Bono has additionally had a dramatic affect offstage, by way of his activism. He was a pacesetter in Jubilee 2000, a profitable marketing campaign that led to the cancellation of greater than $100 billion in debt owed by poor nations. He co-founded sister organizations ONE and (RED) to battle in opposition to excessive poverty and the unfold of HIV/AIDS in creating nations.

Many rock star memoirs recount going from sold-out arenas to trashed resort rooms. Bono describes assembly politicians and philanthropists in a “world of suits and sandwiches and fluorescent lamps.” He flourished in that new area due to his capacity to achieve settlement with all method of leaders.

Irish rocker Bono, lead singer of U2, poses with schoolchildren  in the Soweto township outside Johannesburg, South Africa, in May 2002.

For instance, Bono persuaded Senator Jesse Helms, the conservative US senator who opposed making King’s birthday a nationwide vacation and had referred to as AIDS “the gay disease,” to offer funding to fight the AIDS disaster in Africa.

How’d he do it? Bono says he discovered frequent floor with Helms by invoking tales about how lepers had been handled within the Bible. He says the analogy diminished to Helms to tears.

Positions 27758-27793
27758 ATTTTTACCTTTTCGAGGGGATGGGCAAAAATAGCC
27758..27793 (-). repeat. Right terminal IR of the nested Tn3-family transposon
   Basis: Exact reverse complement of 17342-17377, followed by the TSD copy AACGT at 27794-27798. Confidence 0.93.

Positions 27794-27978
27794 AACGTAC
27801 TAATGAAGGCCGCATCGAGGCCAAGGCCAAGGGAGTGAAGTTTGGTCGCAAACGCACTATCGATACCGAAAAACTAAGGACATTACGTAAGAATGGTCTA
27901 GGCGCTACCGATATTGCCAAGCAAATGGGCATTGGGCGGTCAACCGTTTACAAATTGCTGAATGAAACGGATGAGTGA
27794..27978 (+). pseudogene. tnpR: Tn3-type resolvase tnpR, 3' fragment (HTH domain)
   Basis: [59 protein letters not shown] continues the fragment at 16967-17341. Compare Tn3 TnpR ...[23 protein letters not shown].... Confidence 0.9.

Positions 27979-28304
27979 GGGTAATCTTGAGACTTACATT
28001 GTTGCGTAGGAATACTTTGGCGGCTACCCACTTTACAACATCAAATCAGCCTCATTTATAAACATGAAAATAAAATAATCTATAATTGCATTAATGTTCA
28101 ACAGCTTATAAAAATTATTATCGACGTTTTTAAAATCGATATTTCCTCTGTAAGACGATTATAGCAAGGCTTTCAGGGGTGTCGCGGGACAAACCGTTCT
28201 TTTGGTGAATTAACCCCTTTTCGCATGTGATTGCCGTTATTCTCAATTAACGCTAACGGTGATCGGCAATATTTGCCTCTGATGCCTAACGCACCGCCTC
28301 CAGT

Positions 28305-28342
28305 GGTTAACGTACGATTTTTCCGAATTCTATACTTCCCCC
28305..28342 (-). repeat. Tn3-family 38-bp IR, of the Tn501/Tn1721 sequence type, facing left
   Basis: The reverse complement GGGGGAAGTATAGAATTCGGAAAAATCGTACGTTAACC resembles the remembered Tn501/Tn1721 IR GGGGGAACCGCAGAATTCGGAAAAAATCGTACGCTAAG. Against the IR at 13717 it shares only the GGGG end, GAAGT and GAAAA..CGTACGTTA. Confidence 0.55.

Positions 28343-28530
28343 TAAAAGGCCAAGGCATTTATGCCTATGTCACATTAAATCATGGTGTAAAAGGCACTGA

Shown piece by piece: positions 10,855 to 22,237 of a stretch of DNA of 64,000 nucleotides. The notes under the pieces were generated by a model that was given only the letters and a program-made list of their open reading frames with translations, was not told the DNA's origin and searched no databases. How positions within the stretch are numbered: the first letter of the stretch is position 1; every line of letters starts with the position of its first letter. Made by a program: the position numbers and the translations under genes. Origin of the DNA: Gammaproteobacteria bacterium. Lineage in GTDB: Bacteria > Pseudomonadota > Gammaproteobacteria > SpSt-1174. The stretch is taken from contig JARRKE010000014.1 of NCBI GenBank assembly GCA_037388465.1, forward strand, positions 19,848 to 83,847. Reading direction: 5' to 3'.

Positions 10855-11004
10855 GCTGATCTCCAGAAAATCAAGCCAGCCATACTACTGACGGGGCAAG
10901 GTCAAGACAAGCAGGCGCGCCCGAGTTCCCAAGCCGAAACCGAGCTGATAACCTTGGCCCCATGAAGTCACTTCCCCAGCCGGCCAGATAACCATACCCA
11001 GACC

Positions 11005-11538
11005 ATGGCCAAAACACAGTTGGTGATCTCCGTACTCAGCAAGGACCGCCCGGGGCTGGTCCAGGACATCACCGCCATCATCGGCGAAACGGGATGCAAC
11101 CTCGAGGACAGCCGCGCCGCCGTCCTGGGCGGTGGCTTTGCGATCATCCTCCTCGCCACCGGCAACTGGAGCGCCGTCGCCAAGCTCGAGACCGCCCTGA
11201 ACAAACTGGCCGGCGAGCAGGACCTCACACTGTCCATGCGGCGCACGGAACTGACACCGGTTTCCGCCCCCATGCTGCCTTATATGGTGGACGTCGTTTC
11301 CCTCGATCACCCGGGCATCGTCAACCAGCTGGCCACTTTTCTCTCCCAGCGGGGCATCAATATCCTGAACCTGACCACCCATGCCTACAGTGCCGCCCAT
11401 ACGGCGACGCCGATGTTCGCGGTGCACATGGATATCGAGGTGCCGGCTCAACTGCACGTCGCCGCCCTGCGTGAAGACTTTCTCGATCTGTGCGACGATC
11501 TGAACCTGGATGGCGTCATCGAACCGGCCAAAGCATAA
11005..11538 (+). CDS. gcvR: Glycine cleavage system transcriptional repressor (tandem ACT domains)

“The search for common ground starts with a search for higher ground,” Bono writes within the memoir. “Even with your opponents. Especially with your opponents. A lightbulb moment for me and a conviction that’s informed my life as a campaigner ever since. The simple but profound idea that you don’t have to agree on everything if the one thing you do agree on is important enough.”

Bono in 2022:

U2 followers have lengthy speculated about Bono’s non secular beliefs. Near the top of his memoir, he defines himself as a flawed however real “follower of Christ who can’t keep up.”

“I hold to the line attributed to Francis of Assisi, who told his followers, ‘Go into the world to preach the Gospel and, if necessary, use words,’ ” he says.

That sentiment may sound like a platitude from a wealthy rock star. But at a time when the US is experiencing its personal Troubles — a harmful escalation of political and civic strife — these phrases could also be simply what many Americans want to listen to.